The Wire (2002-2008) is often considered one of the greatest TV shows of all time. Alongside HBO shows like The Sopranos, The Wire elevated long-form TV storytelling through a “novelistic” approach that assembled a complex portrait of a major American city. However, Season 2 carries a relatively controversial reputation, with many still considering it “the worst” of The Wire and skippable. But in hindsight, Season 2 holds up as necessary watching that deserves reconsideration from both new viewers and returning ones.
Why The Wire Season 2 Was Controversial
Audiences expecting more of Season 1’s wire-tapping into the Barksdale Organization were surprised when Season 2 shifted focus onto the decidedly unsexy Baltimore docks. The Wire already had a sprawling cast, and Season 2’s new batch of characters felt like a jarring addition to what they had grown accustomed to. Rather than focusing on street-level drug dealing, Season 2 showcased the blue-collar stevedores and their union treasurer Frank Sobotka (Chris Bauer), who smuggles drugs and prostitutes through the ports to make ends meet.
Every season of The Wire would introduce a new Baltimore institution: Season 3 had mayoral politics, Season 4 had schools and Season 5 had the press. But first-time viewers unaware of these blueprints found the adjustment to the new setting disorienting. Some feel they can now simply skip over to Season 3, as the Barksdale are mostly in the background of Season 2.
There was also a racial controversy with this change. Michael K. Williams, who played fan-favorite character Omar Little, even asked show creator David Simon during Season 2, “How come we made the show hot, and you want to give it to white people?”
It didn’t help that one “white person” was Ziggy Sobotka, played by James Ransone. Compared to the strategic and level-headed characters in The Wire, Ziggy was brash and annoying. He flagrantly pursues a criminal lifestyle and shows off his illegal wealth, landing himself and others in trouble with his pranks and goofy behavior. Although Ziggy was intentionally immature, it didn’t stop audiences from finding him grating.
Why The Wire Season 2 Is Necessary Watching
Although Ziggy is remembered for his arrogant behavior, later episodes show the characters’ depth. Season 2, Episode 10, “Storm Warnings” particularly shows Ziggy pushed to breaking point, with Ransone playing his emotional distress incredibly well. Ziggy is also fundamental for the storyline of his father, Frank Sobotka, who became one of The Wire’s best characters. Frank’s arc resembles a Greek Tragedy — not just by interacting with unassuming drug kingpin The Greek (Bill Raymond), but by desperately trying to keep the stevedores alive while facing deindustrialization and automation. Re-adjusting its focus gave The Wire an ambitious season about dysfunctional institutions, which is core to the show’s themes, and showed the wider infrastructure of Baltimore.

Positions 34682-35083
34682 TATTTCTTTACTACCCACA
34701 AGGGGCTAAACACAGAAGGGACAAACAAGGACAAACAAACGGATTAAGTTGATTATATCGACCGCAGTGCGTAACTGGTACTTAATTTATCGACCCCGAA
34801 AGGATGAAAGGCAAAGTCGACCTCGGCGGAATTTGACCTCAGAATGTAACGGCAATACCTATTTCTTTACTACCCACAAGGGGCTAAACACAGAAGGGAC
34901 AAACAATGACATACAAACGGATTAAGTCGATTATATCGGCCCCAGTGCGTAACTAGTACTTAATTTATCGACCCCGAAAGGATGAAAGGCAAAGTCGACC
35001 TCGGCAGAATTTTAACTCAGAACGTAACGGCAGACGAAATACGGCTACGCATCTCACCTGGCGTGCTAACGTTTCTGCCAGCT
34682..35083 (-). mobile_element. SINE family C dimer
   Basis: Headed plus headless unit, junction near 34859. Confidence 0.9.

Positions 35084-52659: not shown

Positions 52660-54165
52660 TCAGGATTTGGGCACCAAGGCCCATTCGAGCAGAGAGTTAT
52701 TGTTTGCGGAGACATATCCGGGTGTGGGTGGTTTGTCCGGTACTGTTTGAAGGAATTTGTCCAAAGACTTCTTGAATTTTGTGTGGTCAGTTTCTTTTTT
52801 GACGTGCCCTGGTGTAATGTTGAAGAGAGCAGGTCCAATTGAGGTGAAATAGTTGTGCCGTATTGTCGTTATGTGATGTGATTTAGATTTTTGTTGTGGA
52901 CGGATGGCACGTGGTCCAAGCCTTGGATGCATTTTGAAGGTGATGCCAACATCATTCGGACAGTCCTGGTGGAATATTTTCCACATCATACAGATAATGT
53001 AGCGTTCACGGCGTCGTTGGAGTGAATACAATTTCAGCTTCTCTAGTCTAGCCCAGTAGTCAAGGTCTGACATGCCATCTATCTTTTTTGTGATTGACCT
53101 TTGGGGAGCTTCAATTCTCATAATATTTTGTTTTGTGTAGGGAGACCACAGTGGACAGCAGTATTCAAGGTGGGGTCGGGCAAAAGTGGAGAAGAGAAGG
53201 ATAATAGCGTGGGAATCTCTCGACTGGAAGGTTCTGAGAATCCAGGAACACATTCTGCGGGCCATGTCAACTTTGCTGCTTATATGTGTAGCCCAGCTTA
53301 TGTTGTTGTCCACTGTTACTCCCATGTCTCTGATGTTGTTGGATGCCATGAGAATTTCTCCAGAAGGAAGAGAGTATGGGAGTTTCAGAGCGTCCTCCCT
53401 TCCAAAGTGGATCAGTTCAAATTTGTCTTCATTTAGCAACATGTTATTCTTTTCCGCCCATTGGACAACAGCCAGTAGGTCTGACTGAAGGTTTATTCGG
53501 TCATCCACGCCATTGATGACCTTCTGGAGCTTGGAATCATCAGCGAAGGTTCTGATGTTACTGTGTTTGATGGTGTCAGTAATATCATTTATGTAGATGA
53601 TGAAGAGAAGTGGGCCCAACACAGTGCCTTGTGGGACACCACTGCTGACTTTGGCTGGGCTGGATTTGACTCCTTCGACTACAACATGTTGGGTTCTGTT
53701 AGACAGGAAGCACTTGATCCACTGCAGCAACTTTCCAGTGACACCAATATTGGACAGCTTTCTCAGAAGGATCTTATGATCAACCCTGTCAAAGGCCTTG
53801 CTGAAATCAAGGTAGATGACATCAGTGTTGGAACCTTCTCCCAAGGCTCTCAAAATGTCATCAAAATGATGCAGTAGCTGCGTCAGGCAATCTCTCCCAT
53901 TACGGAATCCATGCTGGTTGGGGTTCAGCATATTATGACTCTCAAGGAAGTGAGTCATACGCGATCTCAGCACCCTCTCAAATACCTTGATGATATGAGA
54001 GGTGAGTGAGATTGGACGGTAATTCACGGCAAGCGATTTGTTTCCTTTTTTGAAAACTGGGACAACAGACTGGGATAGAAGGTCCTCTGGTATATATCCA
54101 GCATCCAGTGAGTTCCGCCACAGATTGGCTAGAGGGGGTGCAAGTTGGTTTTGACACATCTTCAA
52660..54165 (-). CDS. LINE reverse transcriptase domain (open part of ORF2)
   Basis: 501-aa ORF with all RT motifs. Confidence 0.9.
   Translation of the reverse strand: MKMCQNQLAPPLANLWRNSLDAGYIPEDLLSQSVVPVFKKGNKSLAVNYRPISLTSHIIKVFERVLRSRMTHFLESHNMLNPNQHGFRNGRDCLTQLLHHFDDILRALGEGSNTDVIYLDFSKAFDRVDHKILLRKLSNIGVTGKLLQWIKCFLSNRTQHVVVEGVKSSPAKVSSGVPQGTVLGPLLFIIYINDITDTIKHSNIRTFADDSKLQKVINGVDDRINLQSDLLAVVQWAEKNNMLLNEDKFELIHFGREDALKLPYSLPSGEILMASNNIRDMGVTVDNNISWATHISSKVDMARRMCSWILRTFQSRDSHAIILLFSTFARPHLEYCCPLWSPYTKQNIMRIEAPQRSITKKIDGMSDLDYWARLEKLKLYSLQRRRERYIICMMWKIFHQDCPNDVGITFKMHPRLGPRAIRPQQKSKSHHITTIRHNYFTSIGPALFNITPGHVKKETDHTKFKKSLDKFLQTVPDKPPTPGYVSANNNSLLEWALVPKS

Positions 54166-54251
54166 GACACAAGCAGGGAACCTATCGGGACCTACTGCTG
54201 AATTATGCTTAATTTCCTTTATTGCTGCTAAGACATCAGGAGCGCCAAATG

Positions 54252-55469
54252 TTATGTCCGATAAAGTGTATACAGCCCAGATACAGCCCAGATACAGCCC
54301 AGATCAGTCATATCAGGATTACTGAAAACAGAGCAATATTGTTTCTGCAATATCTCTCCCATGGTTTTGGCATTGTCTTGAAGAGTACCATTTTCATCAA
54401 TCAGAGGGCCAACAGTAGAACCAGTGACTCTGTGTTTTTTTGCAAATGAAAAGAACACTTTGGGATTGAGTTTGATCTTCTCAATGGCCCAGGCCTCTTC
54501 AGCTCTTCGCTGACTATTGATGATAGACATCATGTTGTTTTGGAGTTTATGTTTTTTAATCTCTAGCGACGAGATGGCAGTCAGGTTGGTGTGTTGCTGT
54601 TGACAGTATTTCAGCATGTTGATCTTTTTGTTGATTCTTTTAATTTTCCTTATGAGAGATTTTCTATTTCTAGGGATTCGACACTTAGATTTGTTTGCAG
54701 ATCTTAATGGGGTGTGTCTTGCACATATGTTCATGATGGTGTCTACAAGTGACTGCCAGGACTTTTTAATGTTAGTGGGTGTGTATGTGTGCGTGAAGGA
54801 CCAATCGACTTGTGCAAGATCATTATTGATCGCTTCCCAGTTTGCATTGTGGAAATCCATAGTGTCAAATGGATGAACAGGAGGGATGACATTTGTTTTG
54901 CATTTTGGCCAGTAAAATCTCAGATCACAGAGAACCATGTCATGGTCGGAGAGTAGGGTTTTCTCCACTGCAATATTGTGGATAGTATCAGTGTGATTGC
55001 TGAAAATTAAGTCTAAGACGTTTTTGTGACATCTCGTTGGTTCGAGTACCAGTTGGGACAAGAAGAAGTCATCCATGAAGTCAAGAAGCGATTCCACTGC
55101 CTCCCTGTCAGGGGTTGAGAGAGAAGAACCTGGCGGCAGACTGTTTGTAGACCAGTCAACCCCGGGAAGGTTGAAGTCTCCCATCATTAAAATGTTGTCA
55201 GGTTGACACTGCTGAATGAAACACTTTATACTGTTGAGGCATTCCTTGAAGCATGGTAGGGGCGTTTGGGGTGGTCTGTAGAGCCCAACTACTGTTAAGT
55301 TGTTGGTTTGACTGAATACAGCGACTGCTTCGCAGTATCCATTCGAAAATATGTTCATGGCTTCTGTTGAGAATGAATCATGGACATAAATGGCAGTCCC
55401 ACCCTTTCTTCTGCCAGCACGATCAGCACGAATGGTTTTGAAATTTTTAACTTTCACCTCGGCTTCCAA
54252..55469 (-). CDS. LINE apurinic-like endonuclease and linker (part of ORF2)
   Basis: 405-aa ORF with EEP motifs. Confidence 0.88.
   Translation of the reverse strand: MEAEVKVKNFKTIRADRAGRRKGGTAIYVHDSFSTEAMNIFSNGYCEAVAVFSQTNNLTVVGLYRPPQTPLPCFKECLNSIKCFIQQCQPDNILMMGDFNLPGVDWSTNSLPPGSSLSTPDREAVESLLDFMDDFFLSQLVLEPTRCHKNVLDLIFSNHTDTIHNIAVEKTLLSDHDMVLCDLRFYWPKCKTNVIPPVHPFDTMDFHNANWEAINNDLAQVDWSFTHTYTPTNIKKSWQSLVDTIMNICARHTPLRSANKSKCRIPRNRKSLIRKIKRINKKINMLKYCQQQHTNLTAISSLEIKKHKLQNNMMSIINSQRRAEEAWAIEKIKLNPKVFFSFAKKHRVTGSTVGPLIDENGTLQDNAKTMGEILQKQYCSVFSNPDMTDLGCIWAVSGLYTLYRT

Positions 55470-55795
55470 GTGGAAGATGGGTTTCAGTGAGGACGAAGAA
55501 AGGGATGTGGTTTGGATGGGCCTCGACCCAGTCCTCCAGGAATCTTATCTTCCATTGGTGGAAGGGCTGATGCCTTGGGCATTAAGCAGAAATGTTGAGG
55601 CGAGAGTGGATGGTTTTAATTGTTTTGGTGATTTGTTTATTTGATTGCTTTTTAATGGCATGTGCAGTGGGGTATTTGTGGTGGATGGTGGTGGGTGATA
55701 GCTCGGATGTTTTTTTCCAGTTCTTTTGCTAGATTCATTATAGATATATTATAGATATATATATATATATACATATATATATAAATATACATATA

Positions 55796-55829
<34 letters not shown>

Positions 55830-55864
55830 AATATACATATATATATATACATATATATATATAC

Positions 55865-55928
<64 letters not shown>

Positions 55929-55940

Plus, even if the Barksdales move into the background, Season 2 still gives them vital storylines. With Avon Barksdale (Wood Harris) now imprisoned, Stringer Bell (Idris Elba) begins to subtly take their organization in another direction, laying essential groundwork for Season 3. This includes Avon hiring erudite hitman Brother Mouzone (Michael Potts) to eliminate Omar, and Stringer’s reaction to Avon’s nephew D’Angelo Barksdale (Lawrence Gilliard Jr.) attempting to rehabilitate himself in prison. D’Angelo analyzing The Great Gatsby in “All Prologue” remains a quiet highlight of The Wire.
In contrast to Michael K. Williams, James Ransone theorized, “the only people who really dislike the second season are white people. People got mad that they moved it out of the hood.” The Wire was no longer about stereotypical gangsters, but how white, blue-collar workers were also complicit in the drug trade. Indeed, Season 2’s first episode “Ebb Tide” has Herc (Domenick Lombardozzi) comment how he loves “white boys,” as instead of the intricate code from Season 1’s Barksdales, they make explicit drug deals in the open. It’s a funny scene, but it also shows the different expectations and innovations within different races.
Therefore, The Wire uses Season 2 to expand into new territories. It elevated The Wire from being a binary “crime show” to one which examined how all societal institutions fit together. A main mantra of The Wire was that “all the pieces matter,” and while Season 2 may initially appear jarring, it remains necessary watching for The Wire’s complete picture.
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